Friday, April 24, 2009

If You're Gonna Do It, Do it Right, Right

Gordon Brown is trying to rush through his plans for MP expenses reform so quickly that he intends to put it to a vote next Thursday. However, he has already lost the backing of the Conservatives and Lib Dems, not because they are wanting to protect the status quo but because they want the House of Commons and its Members to be accountable to the people who put them there.

The chair of the committee on standards in public life Sir Christopher Kelly has added his thoughts:

"There must be reform and it must be done properly. This is not something that should be left to politicians to sort out for themselves. If public confidence is to be restored, there needs to be an independent inquiry by people with no political agenda of their own."

He's right. The public aren't necessarily upset that MPs are given expenses to do their jobs. After all most of us who work in offices have a budget for the stationary we use which we have to process through the stationary ordering manager. Some of us are able to claim a reasonable travel allowance for performing our work related business (MPs have two places of work their constituency and Westminster after all). Most of us also if working away from home have some subsidence allowance, or if doing it on a long term basis get some help in finding suitable accommodation from our employer.

None of the above would possibly be begrudged a Member of Parliament. It is in the minutiae of the expense claims that MPs have made that lies the problems. Brown's scheme to give them an allowance for turning up at the office is laughable.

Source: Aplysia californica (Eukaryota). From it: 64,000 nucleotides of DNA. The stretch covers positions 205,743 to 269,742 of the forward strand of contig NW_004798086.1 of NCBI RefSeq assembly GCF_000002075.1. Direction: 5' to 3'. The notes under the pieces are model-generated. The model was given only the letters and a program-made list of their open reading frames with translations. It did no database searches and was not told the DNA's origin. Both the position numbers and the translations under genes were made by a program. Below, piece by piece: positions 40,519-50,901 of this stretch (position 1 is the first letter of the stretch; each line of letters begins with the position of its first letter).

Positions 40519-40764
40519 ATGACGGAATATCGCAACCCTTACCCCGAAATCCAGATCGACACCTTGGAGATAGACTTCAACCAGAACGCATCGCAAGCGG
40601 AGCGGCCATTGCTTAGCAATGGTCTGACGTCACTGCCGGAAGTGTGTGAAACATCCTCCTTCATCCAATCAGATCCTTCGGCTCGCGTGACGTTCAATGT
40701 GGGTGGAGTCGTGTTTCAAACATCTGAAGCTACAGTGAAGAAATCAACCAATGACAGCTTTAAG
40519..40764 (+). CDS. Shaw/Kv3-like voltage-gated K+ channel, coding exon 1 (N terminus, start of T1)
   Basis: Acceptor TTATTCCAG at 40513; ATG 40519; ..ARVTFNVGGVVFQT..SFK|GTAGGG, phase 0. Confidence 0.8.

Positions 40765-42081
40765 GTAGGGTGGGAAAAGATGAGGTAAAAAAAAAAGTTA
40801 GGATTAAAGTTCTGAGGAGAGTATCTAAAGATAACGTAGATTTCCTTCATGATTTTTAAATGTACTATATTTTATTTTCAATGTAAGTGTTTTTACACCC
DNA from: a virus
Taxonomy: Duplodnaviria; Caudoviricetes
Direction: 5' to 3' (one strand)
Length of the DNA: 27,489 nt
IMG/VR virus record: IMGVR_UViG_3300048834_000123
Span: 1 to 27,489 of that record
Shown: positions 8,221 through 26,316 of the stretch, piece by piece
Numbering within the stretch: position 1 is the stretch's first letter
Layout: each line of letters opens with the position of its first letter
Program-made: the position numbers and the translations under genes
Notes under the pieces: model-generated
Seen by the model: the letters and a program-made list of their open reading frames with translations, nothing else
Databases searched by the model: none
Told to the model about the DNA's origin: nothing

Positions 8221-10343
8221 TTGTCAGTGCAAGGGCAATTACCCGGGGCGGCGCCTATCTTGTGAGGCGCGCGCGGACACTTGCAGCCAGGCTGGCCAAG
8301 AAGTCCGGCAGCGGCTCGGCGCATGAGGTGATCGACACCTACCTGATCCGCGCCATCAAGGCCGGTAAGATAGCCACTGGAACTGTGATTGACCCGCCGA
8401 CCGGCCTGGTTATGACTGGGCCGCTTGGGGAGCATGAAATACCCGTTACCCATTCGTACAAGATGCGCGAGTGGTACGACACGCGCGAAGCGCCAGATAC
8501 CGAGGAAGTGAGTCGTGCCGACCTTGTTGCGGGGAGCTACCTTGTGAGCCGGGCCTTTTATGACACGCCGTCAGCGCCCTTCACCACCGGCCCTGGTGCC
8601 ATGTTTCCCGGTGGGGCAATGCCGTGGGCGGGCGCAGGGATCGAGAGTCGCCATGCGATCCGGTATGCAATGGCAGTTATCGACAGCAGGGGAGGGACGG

I'm currently writing this on my daily 20 mile commute into work, like a lot of people that does not entitle me to a nice flat in Edinburgh. This week has been a prime example of me not knowing the hours I will be working. Indeed on Wednesday out of necessity to have an urgent conference call the only time this could be had was scheduled to take my working day beyond 10 hours from start to finish. While I could have used my weekly ticket for a long meandering bus home I was too shattered but took the train. I didn't ask my boss to put me up at the Edinburgh Park Novotel.

So yes there needs to be a look at who claims a second homes allowance. But for those of our distant MPs they need to have somewhere permanent to lay their heads at the end of their working days.

But to restore public confidence Gordon you don't hide away everything that is being done by giving out a flat rate. Currently we have an idea of where that spending is divided. So we can challenge our representatives on just what they are spending on. In the Scottish Parliament the receipts for the expenses are made public. Just as I have to make a detailed claim for expenses to my employers the people are the employers of our MPs. We want, need and should know how our public money is being funded.

If you are going to do it Gordon, do it right, properly and transparently. Don't attempt to sweep it under the carpet is a swift move of damage limitation.

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